Back Story of the Hale Nurses UnionIn the immediate aftermath of WWII, many groups of workers, whose wages had been limited by the wage and price control boards during the war, began to press for higher wages and a higher standard of living.
By 1954, the nurses at Hale Hospital were among them. They organized a nurses' council and had elected representatives.
In March of 1954, the nurses were pressing for improvements in their wages and hours and presented their "demands" to the hospital trustees and the director of the hospital. Without regard to those demands, the hospital proposed that the City pay the nurses as follows: charge nurses, $55 to $59 a week and general duty nurses, $50-$56 a week. Annually those ranges were $2,860-3,068 and $2,600-2,912.
Feeling that their voices were not being heard, the nurses voted to hire an attorney to help them press their demands. The director of the hospital, Dr. Robert Lambert, spoke against the hiring and then telephoned Mrs. Harold Baumann, one of the council members to "advise" her not to let their attorney make any statement to the press, saying that such a statement might "jeopardize chances of getting benefits and 'antagonize the board of trustees.'"
Mrs. Baumann and her colleagues viewed this as intimidation and denounced it in the press as"an attempt to silence me."
After this incident the director made statements implying that the elected leaders did not really represent the nurses. With the support of their members, the nurses' leaders sent a five column letter to the local paper reviewing the history of the entire process.
That letter makes clear that the leaders were elected by their peers and that all were united in trying to get a 40 hour week. Then they outlined their three month effort to meet with the trustees or the director, without success. Finally they explained that the trustees rejected the forty hour week and sent the proposed pay ranges to the City Council without even informing the nurses of their decision.
It was at that point, that the nurses hired their attorney, a man well-known in the city. The director responded to the nurses' letter, accusing the leaders of "misleading" their peers into "unethical and unfortunate actions". The nurses wrote that their actions were taken only after votes by the entire membership and that they took action only as representatives, not as individuals. The nurses ended their letter by assuring the public that: "We shall continue to give good patient care always, for this is our primary concern."
The outcome of this confrontation is not clear, although the forty hour week was not achieved for many years. What is clear is that the nurses and their elected leaders had become willing to stand up for themselves.
Three years later, forty-eight full-time nurses resigned, effective June 1, 1957, threatening closure of the hospital. This time, they had the support of the hospital administration. After three years of training and many years of service, the nurses were, according to the president of the hospital advisory board, "being asked to work for less than factory workers." He went on to say: "The average person doesn't have the slightest idea of what it means to be a good nurse. We can't do a thing without you."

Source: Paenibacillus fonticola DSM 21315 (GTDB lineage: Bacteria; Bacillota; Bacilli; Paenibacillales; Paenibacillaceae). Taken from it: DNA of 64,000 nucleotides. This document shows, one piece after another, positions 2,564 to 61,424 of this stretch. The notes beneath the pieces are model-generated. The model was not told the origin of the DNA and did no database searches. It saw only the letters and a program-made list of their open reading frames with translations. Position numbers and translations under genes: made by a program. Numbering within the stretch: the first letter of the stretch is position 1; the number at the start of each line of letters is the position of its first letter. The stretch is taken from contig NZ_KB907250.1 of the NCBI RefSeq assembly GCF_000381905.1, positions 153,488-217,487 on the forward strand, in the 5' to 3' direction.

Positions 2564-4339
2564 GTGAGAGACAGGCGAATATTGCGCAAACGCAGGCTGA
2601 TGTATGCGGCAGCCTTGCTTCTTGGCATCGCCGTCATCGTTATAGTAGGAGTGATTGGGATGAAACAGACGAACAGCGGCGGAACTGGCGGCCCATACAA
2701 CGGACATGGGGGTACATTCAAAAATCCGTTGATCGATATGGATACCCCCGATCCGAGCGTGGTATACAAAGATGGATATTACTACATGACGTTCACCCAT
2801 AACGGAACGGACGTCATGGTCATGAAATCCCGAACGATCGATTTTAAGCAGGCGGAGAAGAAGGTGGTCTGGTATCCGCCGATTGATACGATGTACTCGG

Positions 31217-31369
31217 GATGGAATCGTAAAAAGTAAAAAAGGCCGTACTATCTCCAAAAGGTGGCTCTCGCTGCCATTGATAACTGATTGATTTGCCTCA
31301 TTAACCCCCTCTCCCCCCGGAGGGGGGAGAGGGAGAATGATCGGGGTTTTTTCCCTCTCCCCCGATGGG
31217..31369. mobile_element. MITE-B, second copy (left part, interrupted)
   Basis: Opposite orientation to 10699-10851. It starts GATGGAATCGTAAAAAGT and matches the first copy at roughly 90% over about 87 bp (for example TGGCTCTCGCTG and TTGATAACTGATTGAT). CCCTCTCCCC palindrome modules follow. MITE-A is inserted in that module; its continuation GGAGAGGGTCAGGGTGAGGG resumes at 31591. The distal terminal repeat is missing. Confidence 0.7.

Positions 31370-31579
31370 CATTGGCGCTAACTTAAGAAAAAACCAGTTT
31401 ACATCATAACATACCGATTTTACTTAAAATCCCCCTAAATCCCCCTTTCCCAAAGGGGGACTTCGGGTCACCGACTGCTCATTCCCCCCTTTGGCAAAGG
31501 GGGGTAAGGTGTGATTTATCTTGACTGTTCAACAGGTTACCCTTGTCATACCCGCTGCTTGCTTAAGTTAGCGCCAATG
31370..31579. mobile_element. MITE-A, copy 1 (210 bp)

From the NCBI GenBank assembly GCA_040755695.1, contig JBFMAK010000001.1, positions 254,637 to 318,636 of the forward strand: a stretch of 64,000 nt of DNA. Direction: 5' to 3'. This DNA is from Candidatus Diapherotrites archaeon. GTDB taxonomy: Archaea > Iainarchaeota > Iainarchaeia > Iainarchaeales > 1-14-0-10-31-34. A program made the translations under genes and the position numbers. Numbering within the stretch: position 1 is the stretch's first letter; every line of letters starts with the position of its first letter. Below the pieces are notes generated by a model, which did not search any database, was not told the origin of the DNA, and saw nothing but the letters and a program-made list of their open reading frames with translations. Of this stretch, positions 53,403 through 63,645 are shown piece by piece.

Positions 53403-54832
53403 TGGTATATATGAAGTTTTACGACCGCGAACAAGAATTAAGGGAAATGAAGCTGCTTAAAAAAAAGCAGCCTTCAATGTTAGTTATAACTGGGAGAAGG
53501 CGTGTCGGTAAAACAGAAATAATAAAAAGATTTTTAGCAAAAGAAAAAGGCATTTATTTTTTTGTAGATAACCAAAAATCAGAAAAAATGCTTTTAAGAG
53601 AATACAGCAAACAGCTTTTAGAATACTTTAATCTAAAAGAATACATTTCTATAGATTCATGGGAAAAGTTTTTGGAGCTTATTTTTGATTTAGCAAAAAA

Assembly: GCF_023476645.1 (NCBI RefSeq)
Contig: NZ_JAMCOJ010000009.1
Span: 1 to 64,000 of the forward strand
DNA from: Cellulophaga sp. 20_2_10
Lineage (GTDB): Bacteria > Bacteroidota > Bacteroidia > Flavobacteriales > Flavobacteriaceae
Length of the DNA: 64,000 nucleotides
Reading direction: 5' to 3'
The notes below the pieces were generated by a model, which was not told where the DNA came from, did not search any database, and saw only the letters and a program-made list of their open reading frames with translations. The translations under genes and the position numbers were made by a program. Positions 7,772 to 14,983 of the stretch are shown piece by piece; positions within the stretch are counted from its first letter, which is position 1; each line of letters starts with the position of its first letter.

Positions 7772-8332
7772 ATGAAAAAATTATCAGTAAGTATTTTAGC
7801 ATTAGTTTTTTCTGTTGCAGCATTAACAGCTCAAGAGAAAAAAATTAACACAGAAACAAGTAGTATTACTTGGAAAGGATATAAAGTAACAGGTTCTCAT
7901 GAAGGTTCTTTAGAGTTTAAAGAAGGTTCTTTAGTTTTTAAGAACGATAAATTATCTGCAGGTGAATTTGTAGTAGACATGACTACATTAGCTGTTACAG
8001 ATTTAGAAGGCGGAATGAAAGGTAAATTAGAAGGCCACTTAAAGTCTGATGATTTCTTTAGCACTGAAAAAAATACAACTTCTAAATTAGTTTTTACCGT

Despite the support of the Hale Hospital Board of Trustees, the medical staff, the Haverhill Ministers' Association, and the Greater Haverhill Chamber of Commerce, the City Council and the mayor twice refused to give the nurses a higher wage increase than the $4-a-week increase that was being given to all other city employees. The mayor, Joseph L. Willett, led the opposition to a different wage plan for nurses.
The Board of Trustees voted to raise $10, 000 in private funds to pay the nurses an "incentive" above their regular salaries and asked the nurses to postpone their resignations to September 1, to allow time for the fund-raising. The nurses agreed.
The chairman of the hospital trustees acknowledged their loyalty to the hospital: "The action exemplifies their dedication to the welfare of patients. This is especially so when we realize that they need go no farther than...Beth Israel Hospital to receive up to $21 a day for their services."
The nurses maintained their organization as an informal 'union' and sought advice from the Massachusetts Nurses Association(MNA) on several occasions, but as city employees they did not have collective bargain rights under Massachusetts or federal law at that time. After a long debate, the members of MNA voted to fight for nurses collective bargaining rights in Massachusetts and helped to pass a law in 1964 granting those rights to nurses working for city hospitals and not-for-profit hospitals in 1965. And soon thereafter, in 1967, the nurses at Hale Hospital formed their bargaining unit: the MNA Hale Professional Nurses Union. This film tells their story.